[Date Prev][Date Next][Thread Prev][Thread Next][Date Index][Thread Index]
How to run :gserver: nonroot
Brandon Craig Rhodes
How to run :gserver: nonroot
03 Jul 2002 11:00:59 -0400
Gnus/5.0808 (Gnus v5.8.8) XEmacs/21.4 (Common Lisp)
We wanted to avoid creating dozens of user accounts on our secure CVS
server for our developers. This would normally be accomplished by
using the :pserver: mechanism with a CVS `passwd' that mapped them all
to a single user, like:
But the plaintext password transmission of :pserver: was inadequate
for our needs, so :gserver: seemed our obvious choice - but then there
would be no way to map users to the singe `cvs' account (because the
:gserver: protocol (unlike :pserver:) does not know which repository
the user is going to use). The CVS server would also need to run as
root, which was undesirable from the point of view of security.
Our solution was simple:
(a) We changed the :gserver: method so that, instead of trying to
setuid(2) to the user, it just compares his name to the `readers'
and `writers' files when he tries to access a repository. This
means that the server can run as non-root and, since it will just
keep running as its original user, we do not need to create a Unix
account on the machine for each developer.
(b) The current `readers' and `writers' scheme has an insecure
default of permitting access, but most of our Kerberos users are not
developers. We therefore change (and in the process simplify) the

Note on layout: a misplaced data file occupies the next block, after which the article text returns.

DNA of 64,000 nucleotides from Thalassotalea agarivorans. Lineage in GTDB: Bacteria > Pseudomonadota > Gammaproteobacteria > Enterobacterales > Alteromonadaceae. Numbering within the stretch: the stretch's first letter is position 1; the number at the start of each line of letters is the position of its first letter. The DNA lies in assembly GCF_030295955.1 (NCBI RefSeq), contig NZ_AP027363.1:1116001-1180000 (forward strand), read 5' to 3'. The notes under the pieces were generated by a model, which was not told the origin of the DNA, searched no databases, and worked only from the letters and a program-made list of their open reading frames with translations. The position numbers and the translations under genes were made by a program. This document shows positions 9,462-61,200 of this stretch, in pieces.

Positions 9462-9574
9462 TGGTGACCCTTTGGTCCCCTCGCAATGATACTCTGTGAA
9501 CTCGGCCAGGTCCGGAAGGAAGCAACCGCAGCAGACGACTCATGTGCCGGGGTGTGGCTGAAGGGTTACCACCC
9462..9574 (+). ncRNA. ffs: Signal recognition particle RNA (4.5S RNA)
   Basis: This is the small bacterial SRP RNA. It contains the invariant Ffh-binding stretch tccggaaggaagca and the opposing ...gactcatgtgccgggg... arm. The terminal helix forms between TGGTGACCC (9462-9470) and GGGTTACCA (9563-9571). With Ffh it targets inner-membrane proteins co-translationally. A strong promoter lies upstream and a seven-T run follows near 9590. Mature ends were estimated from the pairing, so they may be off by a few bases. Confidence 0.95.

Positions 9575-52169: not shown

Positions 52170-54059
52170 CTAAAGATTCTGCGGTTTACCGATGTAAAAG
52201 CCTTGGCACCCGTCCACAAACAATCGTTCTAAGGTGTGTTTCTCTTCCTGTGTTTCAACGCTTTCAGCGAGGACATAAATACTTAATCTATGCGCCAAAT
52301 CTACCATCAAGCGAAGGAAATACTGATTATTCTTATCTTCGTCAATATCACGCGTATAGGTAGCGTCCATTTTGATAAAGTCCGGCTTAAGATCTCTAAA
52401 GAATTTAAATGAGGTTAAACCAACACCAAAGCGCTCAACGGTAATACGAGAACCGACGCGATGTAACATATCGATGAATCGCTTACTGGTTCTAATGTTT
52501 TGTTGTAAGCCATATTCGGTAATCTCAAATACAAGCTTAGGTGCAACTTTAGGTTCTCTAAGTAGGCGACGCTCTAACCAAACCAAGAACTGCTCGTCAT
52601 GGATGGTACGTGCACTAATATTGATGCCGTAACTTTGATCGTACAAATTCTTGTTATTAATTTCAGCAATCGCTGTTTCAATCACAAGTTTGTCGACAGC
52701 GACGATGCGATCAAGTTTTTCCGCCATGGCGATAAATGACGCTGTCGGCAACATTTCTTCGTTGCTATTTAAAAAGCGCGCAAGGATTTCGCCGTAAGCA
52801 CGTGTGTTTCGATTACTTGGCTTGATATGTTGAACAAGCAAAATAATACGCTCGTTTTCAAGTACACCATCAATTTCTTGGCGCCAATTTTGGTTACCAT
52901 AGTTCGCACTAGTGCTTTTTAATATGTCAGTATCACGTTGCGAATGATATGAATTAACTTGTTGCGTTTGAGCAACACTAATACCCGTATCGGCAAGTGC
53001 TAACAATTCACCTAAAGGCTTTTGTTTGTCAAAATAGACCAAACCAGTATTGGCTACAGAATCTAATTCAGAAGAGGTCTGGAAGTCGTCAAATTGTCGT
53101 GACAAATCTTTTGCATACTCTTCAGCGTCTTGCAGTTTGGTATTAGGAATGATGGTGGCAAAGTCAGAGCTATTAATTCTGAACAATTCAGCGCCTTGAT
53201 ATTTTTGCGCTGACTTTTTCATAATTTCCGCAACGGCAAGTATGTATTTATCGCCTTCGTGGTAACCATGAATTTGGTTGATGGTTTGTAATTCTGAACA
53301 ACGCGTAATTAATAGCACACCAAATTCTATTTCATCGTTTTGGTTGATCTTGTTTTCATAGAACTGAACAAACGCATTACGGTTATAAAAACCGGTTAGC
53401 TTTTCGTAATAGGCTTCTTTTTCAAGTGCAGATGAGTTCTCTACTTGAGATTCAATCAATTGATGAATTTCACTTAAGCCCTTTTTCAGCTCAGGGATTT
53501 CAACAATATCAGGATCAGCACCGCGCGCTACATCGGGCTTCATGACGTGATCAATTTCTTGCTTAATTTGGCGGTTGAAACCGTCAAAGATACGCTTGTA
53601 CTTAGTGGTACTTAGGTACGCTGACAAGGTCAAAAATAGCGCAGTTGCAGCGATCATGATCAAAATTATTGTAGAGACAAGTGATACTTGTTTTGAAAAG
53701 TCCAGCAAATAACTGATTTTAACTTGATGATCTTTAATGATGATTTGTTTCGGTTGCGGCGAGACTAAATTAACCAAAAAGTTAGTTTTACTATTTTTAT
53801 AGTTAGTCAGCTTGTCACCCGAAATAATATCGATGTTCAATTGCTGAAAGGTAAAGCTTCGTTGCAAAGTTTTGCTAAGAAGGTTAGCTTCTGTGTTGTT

meanings of these files: `writers' lists who can both read and
write; `readers' lists who else can only read; and users listed in
neither are denied access.
(c) Since the /etc/krb5.keytab file is usually only readable by
root, but our CVS server now runs as `cvs', we added a `-k keyfile'
option to CVS with which an alternate keyfile can be specified.
A patch accomplishing the above is at the bottom of this mail.
After recompiling CVS (making sure its uses gssapi) and reinstalling,
create a user for CVS, which we called `cvs'; create a directory for
your repositories which can only be read and written by this user;
create a keytab file readable only by this user with Kerberos keys for
the principal cvs/HOSTNAME; and add the following to /etc/inetd.conf:
cvspserver stream tcp nowait cvs /usr/local/etc/tcpd SCRIPT
where `cvspserver' corresponds to an appropriate port in /etc/services
and SCRIPT is a shell script that looks like:
cvs -k KEYTAB -f --allow-root=REPOSITORY_ROOT pserver
(We used a script to keep the command line in inetd.conf simple.)
Substitute the path to the keytab file you created for KEYTAB, and the
directory where your repositories will reside for REPOSITORY_ROOT.
Now to lock down your permissions: add `SystemAuth=no' to your
CVSROOT/config and create an empty CVSROOT/passwd file, which together
disable normal :pserver: access; then create a `readers' and `writers'
file (both are now required) listing the users to whom you wish to
grant access through :gserver:.
We welcome comments on our code and technique, and feedback about
whether others find this useful or - with further modification - might
find it useful in the future.
(Note that cvs-1.11.2 does not support :gserver: without an additional
patch - either use an earlier version, or the current version from the
Description: Text Data
Brandon Craig Rhodes http://www.rhodesmill.org/brandon
Georgia Tech address@hidden
- How to run :gserver: nonroot,
Brandon Craig Rhodes <=